Jazz With An R&B Vibe, And Vice Versa
Here are two versions of the same song, sung by the same man. They aren't both jazz. But they both have a lot to do with it.
The first is from pianist Robert Glasper's 2009 album Double Booked, featuring his good friend Bilal Oliver singing. The conceit behind that record was that it shows off two different bands: Glasper's acoustic piano trio and his electrified Experiment, a funkier ensemble. NPR Music and WBGO are webcasting and recording the piano trio live at the Village Vanguard tonight at 9 p.m. ET; this track features the Experiment.
The second is from Bilal's new album Airtight's Revenge, out a few months ago. Bilal is jazz-trained -- he and Glasper met as students at the New School -- but his main line of work is somewhere in the neo-soul sphere. He wrote the song, and has summoned a clearly different setting in this version.
So we have a jazz recording with an R&B vibe, and an R&B recording with a jazz singer. I think this is more than just a clever turn of phrase.
The Glasper version of "All Matter" clearly borrows some language from modern pop music. There are studio flourishes, electric piano and bass, a beat uncommon to jazz.
But check out Glasper's shifting accompaniment. And dig how drummer Chris Dave keeps tweaking that beat. It's the unmistakable feel of musicians responding to each other in real time, echoing and refracting each other, accepting a push-and-pull flexibility. There's a propulsive feeling that's clearly related to swing, even if it's not "ching-ching-a-ling." Oh, and Glasper takes a solo improvisation, of course.
In both songs, Bilal has a singing approach that feels jazz-informed. "All Matter" has such an asymmetric, stretched-out set of lyrics ("one great big small thing, like pollen, in the spring breeze / a speck of dust in this vast universe"); as a songwriter Bilal seems to value tension and an unexpected rhythmic feel. And his phrasing feels like imaginative expression, rather than rote execution. Hearing both versions back to back confirms his ability to modify in the moment -- to hear an impulse in his mind's ear, go for it and knock it out at full throttle. He makes every single soaring iteration of "you ain't even gotta try" count.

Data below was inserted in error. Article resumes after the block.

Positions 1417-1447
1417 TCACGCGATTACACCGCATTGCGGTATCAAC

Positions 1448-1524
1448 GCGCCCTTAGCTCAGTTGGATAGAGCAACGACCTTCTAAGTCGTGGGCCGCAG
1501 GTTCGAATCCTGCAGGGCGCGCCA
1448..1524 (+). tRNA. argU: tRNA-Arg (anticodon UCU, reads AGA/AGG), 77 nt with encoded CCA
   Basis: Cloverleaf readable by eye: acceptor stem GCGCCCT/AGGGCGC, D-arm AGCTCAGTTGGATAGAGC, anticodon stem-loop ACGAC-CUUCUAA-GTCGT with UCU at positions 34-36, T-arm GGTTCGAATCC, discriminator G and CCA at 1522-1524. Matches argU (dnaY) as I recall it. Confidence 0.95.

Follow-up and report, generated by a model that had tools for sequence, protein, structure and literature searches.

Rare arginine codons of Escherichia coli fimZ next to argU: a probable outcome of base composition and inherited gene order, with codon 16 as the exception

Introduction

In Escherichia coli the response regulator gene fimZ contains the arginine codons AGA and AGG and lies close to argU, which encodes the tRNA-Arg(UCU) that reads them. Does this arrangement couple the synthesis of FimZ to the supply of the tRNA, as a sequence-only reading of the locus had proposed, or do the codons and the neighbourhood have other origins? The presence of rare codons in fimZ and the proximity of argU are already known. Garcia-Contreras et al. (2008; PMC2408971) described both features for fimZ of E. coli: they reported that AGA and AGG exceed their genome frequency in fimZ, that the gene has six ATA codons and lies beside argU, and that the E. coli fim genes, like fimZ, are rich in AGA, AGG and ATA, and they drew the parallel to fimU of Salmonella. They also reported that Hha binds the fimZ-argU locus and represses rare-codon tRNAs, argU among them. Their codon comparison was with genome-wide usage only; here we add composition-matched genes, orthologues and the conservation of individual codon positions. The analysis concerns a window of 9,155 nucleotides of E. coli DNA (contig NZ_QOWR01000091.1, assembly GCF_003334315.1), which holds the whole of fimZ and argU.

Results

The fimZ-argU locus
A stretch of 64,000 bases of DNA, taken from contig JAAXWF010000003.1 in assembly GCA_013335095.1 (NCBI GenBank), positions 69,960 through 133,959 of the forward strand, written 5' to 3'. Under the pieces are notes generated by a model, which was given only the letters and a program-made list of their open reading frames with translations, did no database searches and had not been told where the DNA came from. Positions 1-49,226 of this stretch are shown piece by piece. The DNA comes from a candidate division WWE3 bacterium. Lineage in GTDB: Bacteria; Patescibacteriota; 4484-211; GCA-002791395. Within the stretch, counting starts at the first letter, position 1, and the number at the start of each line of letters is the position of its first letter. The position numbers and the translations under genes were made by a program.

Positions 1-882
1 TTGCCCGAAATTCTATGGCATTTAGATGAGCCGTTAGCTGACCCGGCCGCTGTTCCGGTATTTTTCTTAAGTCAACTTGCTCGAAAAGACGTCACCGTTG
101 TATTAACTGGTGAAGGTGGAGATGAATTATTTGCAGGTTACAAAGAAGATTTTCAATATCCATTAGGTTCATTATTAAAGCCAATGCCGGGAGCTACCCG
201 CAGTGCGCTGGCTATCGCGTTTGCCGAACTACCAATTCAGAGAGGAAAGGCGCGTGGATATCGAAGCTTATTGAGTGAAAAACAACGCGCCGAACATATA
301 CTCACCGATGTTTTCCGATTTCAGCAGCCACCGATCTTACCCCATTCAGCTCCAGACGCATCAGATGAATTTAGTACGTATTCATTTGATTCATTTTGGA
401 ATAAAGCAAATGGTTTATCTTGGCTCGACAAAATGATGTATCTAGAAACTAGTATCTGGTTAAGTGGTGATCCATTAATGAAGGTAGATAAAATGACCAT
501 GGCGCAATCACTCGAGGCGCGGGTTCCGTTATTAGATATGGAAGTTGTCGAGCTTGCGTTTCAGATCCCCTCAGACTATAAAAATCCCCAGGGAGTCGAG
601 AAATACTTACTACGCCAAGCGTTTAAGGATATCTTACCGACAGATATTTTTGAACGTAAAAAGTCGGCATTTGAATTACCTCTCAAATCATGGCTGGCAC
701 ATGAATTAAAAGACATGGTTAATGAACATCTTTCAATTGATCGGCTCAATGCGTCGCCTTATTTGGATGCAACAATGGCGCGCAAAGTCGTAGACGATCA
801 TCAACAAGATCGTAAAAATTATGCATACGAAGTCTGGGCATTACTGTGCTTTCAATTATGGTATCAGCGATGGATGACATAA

But the accompaniment on Airtight's Revenge feels far less flexible. The drums, the alternating guitar riff, the bass line maintain a static pattern -- they groove, but seem locked into alignment, and don't really swing in the same way as Glasper's version. There are plenty of embellishments -- a hi-hat here, a vocal assist there -- but they sound like post-production overdubs, not on-the-fly changes. It's not exactly classifiable, but it's certainly not jazz interaction in the same way its counterpart leans toward.
Why does this matter? If both are filled with art, can't we just let them be?
Sure. But consider this line:
Still, looking at it as objectively as I can, there are plenty of awful singers ... who meet the definition of authentic jazz vocalist no less than Sarah Vaughan; at the same time, there are many completely jazzless singers who have more to say to jazz as a whole than most jazz singers, such as Mabel Mercer and Edith Piaf.
That's from the preface to Will Friedwald's book Jazz Singing; it was quoted by Nate Chinen in a recent JazzTimes column pondering the curious nature of jazz singing. And that's what I thought about here.
Bilal's new album isn't much of a jazz record. But it does feature a talented musician who can listen, adjust and interact in real time. Bilal proves it when he's thrust into a jazzier setting. At the same time, the specific types of beats and production ornaments and lines being introduced in the Glasper version -- they have kin in the R&B world. And I happen to think they work quite nicely in this setting.
Can you think of any other examples where not-jazz has a lot to say to jazz? Or, alternately, where jazz is hiding in other forms of music?
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